Pulse: 1

By Fady Joudah b. 1971 Fady Joudah
It wasn’t over a woman that war began, but it’s better
To see it this way, my myth professor loved to say, a man
From the South rumored to extort the bodies of college girls
Into higher grades. My girlfriend of the time told me so —
He was a creep, she
Got an A in the class and liked his joke about religion
As self-mutilation, it was Ramadan then and, O Helen,
I was fasting. I lie awake in a desert night east
Of the Atlantic on the verge of rain, the catapulted grains
Of sand on hot zinc roof, the rustle of leaves, the flap
Of peeling bark on trees whose names I do not know, and where
Would I find a botany guide here. Water flowed
Like a river from the Jabal once.
There were elephant pools, alligator
Streams, and a pond for the devil to speak in human tongues.
All desiccant names now after an earthquake
Shuffled the ground decades ago. It will rain soon,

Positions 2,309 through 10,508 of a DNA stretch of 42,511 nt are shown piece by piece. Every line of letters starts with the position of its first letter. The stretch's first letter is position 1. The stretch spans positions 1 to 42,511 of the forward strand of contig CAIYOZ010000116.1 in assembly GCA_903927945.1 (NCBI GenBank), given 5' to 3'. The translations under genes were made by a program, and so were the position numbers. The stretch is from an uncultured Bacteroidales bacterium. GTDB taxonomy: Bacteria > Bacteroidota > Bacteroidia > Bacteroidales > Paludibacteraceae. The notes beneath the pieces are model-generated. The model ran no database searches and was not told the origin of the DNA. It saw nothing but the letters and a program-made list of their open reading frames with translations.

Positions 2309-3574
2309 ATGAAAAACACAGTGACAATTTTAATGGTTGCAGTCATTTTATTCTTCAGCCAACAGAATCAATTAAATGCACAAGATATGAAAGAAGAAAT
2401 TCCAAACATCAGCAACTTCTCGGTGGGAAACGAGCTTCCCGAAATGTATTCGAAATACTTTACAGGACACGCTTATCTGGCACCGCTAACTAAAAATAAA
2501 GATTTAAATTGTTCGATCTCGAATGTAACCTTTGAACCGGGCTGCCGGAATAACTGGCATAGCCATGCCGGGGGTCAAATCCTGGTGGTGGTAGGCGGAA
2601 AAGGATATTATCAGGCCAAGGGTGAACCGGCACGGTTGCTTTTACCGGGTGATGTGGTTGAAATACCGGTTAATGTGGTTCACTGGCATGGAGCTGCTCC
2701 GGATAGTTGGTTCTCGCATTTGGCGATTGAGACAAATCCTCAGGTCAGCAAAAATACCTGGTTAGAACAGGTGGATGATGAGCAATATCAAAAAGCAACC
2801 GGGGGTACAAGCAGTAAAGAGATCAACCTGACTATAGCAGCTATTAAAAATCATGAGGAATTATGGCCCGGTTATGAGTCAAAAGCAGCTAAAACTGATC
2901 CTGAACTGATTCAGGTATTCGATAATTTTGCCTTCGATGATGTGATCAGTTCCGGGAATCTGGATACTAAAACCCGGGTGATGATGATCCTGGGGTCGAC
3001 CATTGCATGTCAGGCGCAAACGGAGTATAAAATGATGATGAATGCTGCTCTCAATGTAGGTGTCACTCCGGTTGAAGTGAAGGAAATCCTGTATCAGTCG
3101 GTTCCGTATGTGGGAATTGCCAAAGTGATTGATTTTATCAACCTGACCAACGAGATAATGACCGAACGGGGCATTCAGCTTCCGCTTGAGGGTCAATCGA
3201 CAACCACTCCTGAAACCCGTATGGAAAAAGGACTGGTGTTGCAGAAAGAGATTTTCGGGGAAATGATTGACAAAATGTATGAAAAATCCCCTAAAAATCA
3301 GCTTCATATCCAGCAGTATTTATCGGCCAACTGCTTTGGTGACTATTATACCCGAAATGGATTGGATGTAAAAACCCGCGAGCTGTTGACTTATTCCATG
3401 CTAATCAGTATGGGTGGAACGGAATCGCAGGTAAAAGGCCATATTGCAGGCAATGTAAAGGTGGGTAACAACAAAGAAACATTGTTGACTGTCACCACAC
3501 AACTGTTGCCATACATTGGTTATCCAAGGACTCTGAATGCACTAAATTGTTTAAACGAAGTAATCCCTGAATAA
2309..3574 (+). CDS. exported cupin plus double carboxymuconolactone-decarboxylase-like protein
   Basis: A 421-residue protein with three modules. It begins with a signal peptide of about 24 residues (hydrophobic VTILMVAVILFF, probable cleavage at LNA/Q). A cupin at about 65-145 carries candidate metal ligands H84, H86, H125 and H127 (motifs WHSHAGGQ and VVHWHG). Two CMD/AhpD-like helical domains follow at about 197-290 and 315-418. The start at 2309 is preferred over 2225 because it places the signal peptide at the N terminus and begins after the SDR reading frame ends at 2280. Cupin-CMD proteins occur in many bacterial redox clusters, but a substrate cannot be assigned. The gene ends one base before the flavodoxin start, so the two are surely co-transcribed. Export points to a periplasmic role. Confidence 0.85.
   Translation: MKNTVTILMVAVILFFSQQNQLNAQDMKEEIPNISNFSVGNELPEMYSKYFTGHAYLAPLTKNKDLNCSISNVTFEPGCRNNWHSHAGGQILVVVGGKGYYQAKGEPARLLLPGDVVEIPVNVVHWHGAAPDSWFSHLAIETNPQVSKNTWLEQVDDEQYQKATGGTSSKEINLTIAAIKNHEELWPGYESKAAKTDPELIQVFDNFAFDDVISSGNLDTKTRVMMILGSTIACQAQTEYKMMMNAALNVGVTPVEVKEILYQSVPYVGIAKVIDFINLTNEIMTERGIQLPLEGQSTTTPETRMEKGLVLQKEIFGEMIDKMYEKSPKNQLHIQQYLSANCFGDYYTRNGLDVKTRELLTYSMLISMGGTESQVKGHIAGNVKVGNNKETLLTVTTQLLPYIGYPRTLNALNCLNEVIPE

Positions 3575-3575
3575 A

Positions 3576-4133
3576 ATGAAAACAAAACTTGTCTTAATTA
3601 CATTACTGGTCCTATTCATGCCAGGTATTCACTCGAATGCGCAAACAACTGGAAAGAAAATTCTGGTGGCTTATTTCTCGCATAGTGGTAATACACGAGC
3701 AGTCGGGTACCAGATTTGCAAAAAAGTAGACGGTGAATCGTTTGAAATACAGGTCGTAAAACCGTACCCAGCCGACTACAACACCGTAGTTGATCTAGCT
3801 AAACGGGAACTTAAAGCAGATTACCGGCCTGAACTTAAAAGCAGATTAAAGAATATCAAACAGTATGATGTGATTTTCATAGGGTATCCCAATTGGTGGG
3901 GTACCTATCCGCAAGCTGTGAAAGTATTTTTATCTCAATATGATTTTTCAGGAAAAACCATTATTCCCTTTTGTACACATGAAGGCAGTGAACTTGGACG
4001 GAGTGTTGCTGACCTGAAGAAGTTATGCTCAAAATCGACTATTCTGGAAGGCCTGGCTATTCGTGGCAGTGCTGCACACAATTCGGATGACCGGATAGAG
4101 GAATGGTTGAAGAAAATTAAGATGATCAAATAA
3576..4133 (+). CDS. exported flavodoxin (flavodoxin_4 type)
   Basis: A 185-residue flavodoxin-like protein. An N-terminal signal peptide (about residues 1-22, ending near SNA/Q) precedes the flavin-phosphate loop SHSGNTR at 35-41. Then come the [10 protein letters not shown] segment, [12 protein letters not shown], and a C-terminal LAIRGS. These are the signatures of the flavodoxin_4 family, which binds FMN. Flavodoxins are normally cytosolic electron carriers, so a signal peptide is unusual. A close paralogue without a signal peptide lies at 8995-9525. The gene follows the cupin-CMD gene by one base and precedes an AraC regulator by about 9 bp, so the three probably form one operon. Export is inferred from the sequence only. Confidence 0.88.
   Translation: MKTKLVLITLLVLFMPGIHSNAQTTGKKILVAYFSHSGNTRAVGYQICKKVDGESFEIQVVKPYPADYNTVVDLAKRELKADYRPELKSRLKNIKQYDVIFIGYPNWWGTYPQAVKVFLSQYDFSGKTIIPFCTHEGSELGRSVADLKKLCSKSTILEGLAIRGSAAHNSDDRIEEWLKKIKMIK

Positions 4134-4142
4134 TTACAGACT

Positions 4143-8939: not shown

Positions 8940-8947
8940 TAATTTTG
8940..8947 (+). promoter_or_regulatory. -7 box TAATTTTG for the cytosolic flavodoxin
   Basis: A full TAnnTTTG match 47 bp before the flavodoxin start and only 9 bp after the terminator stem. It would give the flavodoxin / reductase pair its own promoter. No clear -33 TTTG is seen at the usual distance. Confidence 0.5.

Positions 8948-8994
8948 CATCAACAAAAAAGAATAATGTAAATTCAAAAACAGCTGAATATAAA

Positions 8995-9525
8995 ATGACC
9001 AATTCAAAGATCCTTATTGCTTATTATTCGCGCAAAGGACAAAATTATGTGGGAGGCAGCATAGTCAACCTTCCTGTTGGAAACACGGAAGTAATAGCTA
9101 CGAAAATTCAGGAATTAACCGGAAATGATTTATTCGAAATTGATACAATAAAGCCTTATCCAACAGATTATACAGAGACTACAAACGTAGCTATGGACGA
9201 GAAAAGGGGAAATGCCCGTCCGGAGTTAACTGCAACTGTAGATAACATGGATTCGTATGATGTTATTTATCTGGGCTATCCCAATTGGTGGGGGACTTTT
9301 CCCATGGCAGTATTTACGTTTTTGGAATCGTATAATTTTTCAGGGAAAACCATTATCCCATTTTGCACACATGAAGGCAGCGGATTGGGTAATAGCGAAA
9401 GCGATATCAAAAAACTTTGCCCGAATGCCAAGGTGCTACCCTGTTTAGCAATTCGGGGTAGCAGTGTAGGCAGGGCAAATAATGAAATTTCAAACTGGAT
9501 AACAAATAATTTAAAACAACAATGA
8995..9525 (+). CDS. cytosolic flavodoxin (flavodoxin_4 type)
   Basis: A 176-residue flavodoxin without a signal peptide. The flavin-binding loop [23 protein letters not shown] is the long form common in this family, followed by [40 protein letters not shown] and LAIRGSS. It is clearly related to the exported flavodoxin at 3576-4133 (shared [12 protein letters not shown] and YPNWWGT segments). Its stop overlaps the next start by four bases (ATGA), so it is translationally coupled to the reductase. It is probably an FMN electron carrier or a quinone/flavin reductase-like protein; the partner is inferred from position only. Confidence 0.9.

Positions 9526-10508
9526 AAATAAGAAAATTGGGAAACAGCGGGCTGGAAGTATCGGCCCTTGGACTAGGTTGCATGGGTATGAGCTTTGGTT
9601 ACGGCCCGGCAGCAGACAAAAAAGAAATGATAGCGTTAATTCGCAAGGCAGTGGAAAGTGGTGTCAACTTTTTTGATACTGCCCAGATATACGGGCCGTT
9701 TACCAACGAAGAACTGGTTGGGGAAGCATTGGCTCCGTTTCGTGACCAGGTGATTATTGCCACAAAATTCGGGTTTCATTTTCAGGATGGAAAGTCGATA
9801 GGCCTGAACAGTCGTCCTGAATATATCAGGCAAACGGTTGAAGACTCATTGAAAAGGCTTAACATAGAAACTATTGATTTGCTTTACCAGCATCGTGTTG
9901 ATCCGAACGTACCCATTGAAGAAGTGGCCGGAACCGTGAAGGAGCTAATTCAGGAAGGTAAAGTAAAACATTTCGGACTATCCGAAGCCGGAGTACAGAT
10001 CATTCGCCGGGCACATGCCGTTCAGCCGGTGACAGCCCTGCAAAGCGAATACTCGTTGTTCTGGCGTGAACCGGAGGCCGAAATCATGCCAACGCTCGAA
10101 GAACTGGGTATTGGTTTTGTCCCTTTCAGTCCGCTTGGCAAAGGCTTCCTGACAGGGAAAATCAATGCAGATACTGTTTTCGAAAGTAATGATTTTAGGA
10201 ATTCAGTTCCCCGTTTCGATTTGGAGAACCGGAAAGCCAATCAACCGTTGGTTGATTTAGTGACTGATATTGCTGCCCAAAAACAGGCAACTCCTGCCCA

I’m assured, since nothing has stopped
The birds from migration. All the look-alikes
Are already here: the stork, the heron.
The white flying flowers, the ibis, and the one
That aesthetizes you more.

Fady Joudah, “Pulse: 1” from The Earth in the Attic. Copyright © 2008 by Fady Joudah. Reprinted by permission of Yale University Press.

Source: The Earth in the Attic (Yale University Press, 2008)

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Poet Fady Joudah b. 1971

POET’S REGION U.S., Southwestern

Subjects Activities, School & Learning, Relationships, Friends & Enemies, Nature, Animals, Trees & Flowers, Social Commentaries

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 Fady  Joudah


Fady Joudah is a Palestinian American physician, poet, and translator. The son of Palestinian refugees, poet Fady Joudah was born in Austin, Texas, and grew up in Libya and Saudi Arabia. He was educated at the University of Georgia, the Medical College of Georgia, and the University of Texas.

Joudah’s debut collection of poetry, The Earth in the Attic (2008), won the 2007 Yale Series of Younger Poets competition and was a . . .

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SUBJECT Activities, School & Learning, Relationships, Friends & Enemies, Nature, Animals, Trees & Flowers, Social Commentaries

POET’S REGION U.S., Southwestern

Poetic Terms Free Verse

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